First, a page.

Last week, I was blessed with a day on Kauai. Literally, one day. I was on the island for just 24 hours, most of them spent in Waimea. It was only my third visit to West Kauai in over 50 years; the previous two were quick sightseeing jaunts up to the Waimea Canyon lookout, with no time to linger in town. So I was looking forward to exploring the area at my leisure, after an evening of storytelling at the Historic Waimea Theater.
The occasion was the 37th annual Waimea Town Celebration (WTC), a weeklong jubilee presented by the West Kauai Business and Professional Association. According to the association, it's Kauai's largest and oldest annual festival. Like our Maui Fair, the WTC provides major fundraising and outreach opportunities for local nonprofit groups. I was impressed with the scope of the event, a multifaceted celebration for a multifaceted community.
Headline entertainment included Fiji and Sean Na'auao, as well as Maui's own 'Ekolu and Uncle George Kahumoku Jr. Local athletes competed in canoe and standup paddle races, softball and basketball tournaments, fun runs, even a Hawaiian rodeo. Cultural exhibits and presentations included a three-act play about Kaumuali'i, Kauai's last king, and a film festival featuring local favorites like "Hawaiian: The Legend of Eddie Aikau" alongside movies from Japan, Korea and North America.
Puni Patrick and Thomas Nizo of the WTC were warm and wonderful hosts, putting together an evening of "Tales and Treats" in which local vendors served up desserts to go along with my Japanese obake stories and Hawaiian legends. My favorites were the cupcakes, adorned with bloody pagodas and severed heads. I was too chicken to try the fiery chili pepper chocolates, created in honor of the night's Pele tales.
In talking story with the audience during the show, I was surprised to learn that the WTC featured a favorite comfort food that I always thought was exclusive to the Maui Fair.
"What? You have flying saucers? What do you put in yours?"
"Hamburger and cheese," they yelled in unison.
"CHEESE?!!" I gasped, "In your flying saucers?!"
They laughed and shouted that it wouldn't be a flying saucer without cheese, although some variations include other ingredients.
"Like corn?" I asked.
"CORN?!!" they gasped.
It was a delightful cultural exchange. Unfortunately, I had to return home before the food court was set up, so there was no sampling.
I spent the night at the Waimea Plantation Cottages, an old sugar mill camp turned resort. Dozens of homes built between 1900 and the 1920s have been beautifully restored, yet each retains the personality of the original occupants. The shingle at the front door of my two-bedroom house read "No. 75, S. Oyama" and a colorful croton hedge framed the wraparound lanai. Through the old-fashioned paneled windowpanes, I could see banana trees in the yard across the lane and a bamboo patch behind the cottage next door.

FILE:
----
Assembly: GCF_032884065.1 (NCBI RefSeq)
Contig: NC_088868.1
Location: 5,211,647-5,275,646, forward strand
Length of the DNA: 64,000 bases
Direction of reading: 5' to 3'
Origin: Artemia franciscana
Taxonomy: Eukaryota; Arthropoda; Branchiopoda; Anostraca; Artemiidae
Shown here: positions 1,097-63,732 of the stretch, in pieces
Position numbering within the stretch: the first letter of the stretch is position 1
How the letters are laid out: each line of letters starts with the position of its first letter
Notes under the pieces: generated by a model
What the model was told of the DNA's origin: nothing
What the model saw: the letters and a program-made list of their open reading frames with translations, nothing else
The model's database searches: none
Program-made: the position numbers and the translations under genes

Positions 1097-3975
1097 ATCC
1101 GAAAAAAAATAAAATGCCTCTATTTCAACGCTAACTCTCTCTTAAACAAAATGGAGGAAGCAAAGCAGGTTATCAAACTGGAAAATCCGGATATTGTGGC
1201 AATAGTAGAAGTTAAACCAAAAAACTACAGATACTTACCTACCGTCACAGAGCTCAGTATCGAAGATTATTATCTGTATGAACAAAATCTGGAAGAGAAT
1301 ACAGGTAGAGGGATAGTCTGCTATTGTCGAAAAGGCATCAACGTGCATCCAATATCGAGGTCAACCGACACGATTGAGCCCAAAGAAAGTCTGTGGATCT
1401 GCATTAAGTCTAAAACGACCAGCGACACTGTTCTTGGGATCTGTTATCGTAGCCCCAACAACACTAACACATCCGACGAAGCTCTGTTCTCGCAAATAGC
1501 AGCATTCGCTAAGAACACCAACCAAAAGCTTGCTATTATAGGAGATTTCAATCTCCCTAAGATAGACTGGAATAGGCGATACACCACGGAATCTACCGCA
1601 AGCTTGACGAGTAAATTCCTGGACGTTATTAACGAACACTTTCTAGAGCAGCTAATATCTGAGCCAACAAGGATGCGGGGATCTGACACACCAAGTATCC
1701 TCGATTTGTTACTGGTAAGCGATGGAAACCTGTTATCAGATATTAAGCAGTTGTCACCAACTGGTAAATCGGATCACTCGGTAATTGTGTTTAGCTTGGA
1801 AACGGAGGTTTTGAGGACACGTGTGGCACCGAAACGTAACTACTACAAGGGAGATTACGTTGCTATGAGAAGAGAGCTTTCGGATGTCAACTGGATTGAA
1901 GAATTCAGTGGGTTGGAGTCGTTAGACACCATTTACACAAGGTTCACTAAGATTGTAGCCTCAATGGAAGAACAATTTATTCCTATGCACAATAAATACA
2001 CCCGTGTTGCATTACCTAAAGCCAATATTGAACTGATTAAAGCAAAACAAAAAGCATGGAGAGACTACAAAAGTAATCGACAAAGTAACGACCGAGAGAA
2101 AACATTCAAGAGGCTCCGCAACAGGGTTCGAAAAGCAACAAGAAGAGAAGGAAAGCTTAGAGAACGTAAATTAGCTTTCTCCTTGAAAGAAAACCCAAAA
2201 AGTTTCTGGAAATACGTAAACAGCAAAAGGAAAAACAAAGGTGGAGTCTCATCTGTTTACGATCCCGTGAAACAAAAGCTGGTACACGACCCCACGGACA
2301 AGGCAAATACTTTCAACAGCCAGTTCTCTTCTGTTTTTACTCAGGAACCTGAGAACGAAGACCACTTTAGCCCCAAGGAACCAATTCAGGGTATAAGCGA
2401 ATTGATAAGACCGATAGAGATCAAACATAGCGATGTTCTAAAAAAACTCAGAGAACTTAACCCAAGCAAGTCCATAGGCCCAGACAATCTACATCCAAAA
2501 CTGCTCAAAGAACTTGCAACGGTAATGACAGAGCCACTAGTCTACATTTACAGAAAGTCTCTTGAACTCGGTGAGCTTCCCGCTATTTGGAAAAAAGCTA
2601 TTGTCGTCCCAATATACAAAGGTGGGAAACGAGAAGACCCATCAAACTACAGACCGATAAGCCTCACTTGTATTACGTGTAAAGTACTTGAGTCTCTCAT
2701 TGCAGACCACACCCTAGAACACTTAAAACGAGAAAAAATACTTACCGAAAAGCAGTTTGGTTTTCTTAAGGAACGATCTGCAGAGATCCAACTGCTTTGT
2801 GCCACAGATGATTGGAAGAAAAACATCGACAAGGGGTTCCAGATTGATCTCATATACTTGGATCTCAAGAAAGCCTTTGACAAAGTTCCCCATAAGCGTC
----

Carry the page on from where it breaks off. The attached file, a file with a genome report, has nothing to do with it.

I fell asleep after a relaxing soak in the claw-footed bathtub, but a few hours later was abruptly awakened by the screech of a severe weather alert on my smartphone and the roar of heavy rain on the totan roof. Once I silenced my phone, the steady rain was actually soothing, and I slept soundly for another few hours.
In the morning, I made a pot of coffee and stepped onto the back porch just in time to see a bright yellow flash of lightning, immediately followed by a crack of thunder that rattled the entire house. After a few more roof-shakers, the storm slowly rolled on, and by checkout time the downpour had eased into a moderate drizzle. Waiting out the storm in the old Oyama house reminded me of rainy days spent at my aunt's Haliimaile home. The smell of damp wood and the sound of a hundred little waterfalls running off the ridges of the roof comforted me.
In town, WTC volunteers were setting up food and craft booths on the muddy grounds of the old sugar mill. Navigating through puddles and parking confusion, they took it all in stride, turning inconvenience into a happy adventure. I heard no complaints or grumbling, just laughter and excited chatter.
I had just enough time to venture up to the canyon lookout before the hourlong drive to the Lihue airport. The panoramic view was only slightly obscured by quickly moving clouds; the vibrant shades of red and green stood out in the mist. I took several family pictures for tourists and captured a couple of roosters on video as they chased each other around the parking lot.
It was a sweet taste of Waimea, enough to lure me back for next year's Waimea Town Celebration. Heck, they had me at "flying saucer."
* Kathy Collins is a performance artist, broadcaster and freelance writer whose "Sharing Mana'o" column appears every Wednesday. Her email address is firstname.lastname@example.org.